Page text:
The NSW Court of Appeal has granted leave to appeal from a recent decision of the NSW Supreme Court in which the NSW Supreme Court found that insolvent contractors have the benefit of Security of Payment legislation.

In Seymour Whyte Constructions Pty Ltd v Ostwald Bros Pty Ltd (in liq) [2018] NSWSC 412, the NSW Supreme Court found that Ostwald Bros Pty Ltd, which had entered into a subcontract to perform works on the Pacific Highway with Seymour Whyte Constructions Pty Ltd (SWC), was a "claimant" for the purposes of the Building and Construction Industry Security of Payment Act 1999 (NSW) (NSW SOP Act) and was accordingly entitled to the benefit of the NSW SOP Act even though Ostwald had become insolvent.

SWC had relied upon the decision of the Victorian Court of Appeal in Façade Treatment Engineering Pty Ltd (in liq) v Brookfield Multiplex Constructions Pty Ltd [2016] VSCA 247 in arguing that Ostwald, as an insolvent contractor, was not entitled to the benefit of the NSW SOP Act. In that case, the Victorian Court of Appeal held that insolvent contractors are not "claimants" and are not entitled to the benefit of the Building and Construction Industry Security of Payment Act 2002 (Vic) (Vic SOP Act) because the text, context and purpose of the Vic SOP Act indicates that the Vic SOP Act is only intended to protect persons who are capable of carrying out construction work.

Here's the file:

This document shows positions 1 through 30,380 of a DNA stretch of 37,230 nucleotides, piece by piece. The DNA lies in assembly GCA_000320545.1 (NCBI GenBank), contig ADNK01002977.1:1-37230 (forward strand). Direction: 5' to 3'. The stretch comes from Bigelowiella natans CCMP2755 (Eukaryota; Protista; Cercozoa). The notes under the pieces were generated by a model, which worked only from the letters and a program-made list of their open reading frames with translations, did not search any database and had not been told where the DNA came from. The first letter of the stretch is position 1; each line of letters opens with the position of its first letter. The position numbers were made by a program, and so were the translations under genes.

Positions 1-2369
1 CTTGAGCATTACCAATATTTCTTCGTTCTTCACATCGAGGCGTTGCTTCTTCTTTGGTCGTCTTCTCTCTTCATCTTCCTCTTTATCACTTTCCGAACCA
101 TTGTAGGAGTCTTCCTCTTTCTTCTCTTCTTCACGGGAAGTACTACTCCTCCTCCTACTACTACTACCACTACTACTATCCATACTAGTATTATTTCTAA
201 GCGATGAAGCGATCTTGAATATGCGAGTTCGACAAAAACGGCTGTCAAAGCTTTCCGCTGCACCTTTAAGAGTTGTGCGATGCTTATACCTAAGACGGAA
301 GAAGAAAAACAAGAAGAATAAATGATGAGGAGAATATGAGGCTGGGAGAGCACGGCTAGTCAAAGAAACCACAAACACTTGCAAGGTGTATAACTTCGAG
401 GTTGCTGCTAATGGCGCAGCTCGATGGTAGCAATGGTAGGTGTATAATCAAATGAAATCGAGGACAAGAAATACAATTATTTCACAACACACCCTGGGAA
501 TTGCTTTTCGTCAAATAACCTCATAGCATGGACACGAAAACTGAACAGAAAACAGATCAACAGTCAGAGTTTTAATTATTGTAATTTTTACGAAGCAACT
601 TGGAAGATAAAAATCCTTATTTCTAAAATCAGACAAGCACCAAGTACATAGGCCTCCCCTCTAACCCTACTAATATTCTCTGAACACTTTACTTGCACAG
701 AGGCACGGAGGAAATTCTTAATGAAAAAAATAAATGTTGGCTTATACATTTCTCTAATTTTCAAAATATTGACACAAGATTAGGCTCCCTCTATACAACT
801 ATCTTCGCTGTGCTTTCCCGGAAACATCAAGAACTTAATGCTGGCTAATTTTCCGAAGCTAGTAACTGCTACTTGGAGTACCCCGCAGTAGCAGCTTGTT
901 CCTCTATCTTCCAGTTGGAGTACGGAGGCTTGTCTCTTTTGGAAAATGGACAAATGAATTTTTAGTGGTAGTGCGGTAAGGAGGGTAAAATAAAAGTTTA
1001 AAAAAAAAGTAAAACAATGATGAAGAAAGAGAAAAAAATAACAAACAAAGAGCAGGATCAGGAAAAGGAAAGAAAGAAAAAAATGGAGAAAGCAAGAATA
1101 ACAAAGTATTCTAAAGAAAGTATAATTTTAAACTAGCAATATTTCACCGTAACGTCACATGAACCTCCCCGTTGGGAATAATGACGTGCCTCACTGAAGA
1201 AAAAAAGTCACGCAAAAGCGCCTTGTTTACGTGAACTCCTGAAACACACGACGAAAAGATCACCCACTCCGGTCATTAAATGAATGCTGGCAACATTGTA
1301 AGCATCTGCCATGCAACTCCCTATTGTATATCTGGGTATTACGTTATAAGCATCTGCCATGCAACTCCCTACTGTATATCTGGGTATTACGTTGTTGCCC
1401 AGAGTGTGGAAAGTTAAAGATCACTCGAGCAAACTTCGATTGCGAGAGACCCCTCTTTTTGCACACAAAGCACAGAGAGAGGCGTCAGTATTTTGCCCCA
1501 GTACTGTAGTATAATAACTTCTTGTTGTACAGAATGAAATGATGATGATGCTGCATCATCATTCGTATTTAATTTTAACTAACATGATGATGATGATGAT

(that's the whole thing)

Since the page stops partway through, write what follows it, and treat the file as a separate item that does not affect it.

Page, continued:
However, the NSW Supreme Court found that the decision of the Victorian Court of Appeal was "plainly wrong" and that there was nothing in the provisions of the NSW or Vic SOP Acts that would compel the conclusion that a company ceases to be a "claimant" if it becomes insolvent and ceases to be capable of carrying out construction work.

SWC sought leave to appeal the decision of the NSW Supreme Court and the NSW Court of Appeal granted that leave, noting that the proposed appeal raises significant issues including the correctness of Victorian Court of Appeal's decision in Façade Treatments. It remains to be seen whether the NSW Court of Appeal will uphold the NSW Supreme Court's decision.